Seeking to downplay old border disputes and to enhance trade,
India and China have taken modest mutual steps that could help
Asia's largest nations put 40 years of chill behind them.
Indian Prime Minister Atal Behari Vajpayee's visit to China this
week signals at least an intention by the two nations to explore a
new relationship - and the beginnings of an Asian understanding
stretching across the Himalayas. It is the first step taken by the
two sides to actually become neighborly, some analysts say, though
it may also prove to be a journey of 1,000 miles.
India officially accepted China's definition of "Tibet" and vowed
to curb militant-minded Tibetans living in India. China, by opening
a trade route to Sikkim on its southern border, informally agreed
that India's sovereignty extends to that mountain entity. Yet it
appears that a rumored deal allowing a visit by the Dalai Lama to
Lhasa, Tibet, engineered by Delhi, has not materialized - though
sources say the subject was probably raised informally.
In the post-Sept. 11 era, as the US moves toward more fluid
coalitions of interest, India and China may be following suit by
pursuing better ties with Washington and with each other. As Chinese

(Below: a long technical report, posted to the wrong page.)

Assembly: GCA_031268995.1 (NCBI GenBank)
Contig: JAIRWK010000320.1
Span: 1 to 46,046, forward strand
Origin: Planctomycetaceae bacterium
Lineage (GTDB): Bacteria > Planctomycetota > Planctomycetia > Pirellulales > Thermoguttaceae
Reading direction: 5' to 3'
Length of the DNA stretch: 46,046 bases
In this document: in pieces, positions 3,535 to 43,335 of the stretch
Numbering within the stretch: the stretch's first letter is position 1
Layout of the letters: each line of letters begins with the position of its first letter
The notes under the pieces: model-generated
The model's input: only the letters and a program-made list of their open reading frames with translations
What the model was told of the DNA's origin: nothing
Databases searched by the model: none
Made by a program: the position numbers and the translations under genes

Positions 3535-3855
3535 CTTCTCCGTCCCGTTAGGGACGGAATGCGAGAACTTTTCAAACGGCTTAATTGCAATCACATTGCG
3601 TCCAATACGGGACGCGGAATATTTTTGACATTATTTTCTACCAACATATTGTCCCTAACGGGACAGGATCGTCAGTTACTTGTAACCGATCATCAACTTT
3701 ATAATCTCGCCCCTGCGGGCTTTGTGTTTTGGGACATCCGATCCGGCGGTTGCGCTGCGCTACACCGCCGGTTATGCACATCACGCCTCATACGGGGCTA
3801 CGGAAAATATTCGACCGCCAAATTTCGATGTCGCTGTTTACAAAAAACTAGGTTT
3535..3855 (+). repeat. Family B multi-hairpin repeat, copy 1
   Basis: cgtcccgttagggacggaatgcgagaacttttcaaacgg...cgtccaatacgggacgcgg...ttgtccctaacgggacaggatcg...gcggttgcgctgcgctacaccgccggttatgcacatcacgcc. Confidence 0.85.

leader Hu Jintao stated in a meeting with Prime Minister Vajpayee,
"history will show we are partners, not rivals."
Or, as a Western scholar in Beijing puts it, "There is enough
maturity in both India and China to contemplate a relationship based
on Asian proximity and Asian solidarity, something often talked
about, but never realized."
That sounds good on paper. Trade between the two nations has
increased from several hundred million in the 1990s to $5 billion
today, according to Chinese Foreign Ministry figures. Direct flights
between Delhi and Beijing have been under way for more than a year.
There remains, however, significant anti-China feeling in Delhi.
When the current Hindu nationalist government came to power in 1998,
its stated rationale for testing a nuclear device only days later -
an act that forced Pakistan to test - was a perceived threat from
China. The security brain trust in Delhi has viewed China as a
regional danger, and its intelligentsia have chafed at a perceived
cultural dismissiveness of India by the Chinese.
Brief mid-century bright spot
Both countries emerged from occupation and a colonial past in the
mid-20th century. There was a brief halcyon period in the late 1950s
when Indian Prime Minister Jawaharlal Nehru thought the two nations
would link arms, redefine Asia, and create a developing-world
socialist paradise. When Chinese premier Zhou Enlai visited India in
1956, Indians thronged the streets shouting "Hindi-Chini Bhai Bhai!"
- India and China are friends. …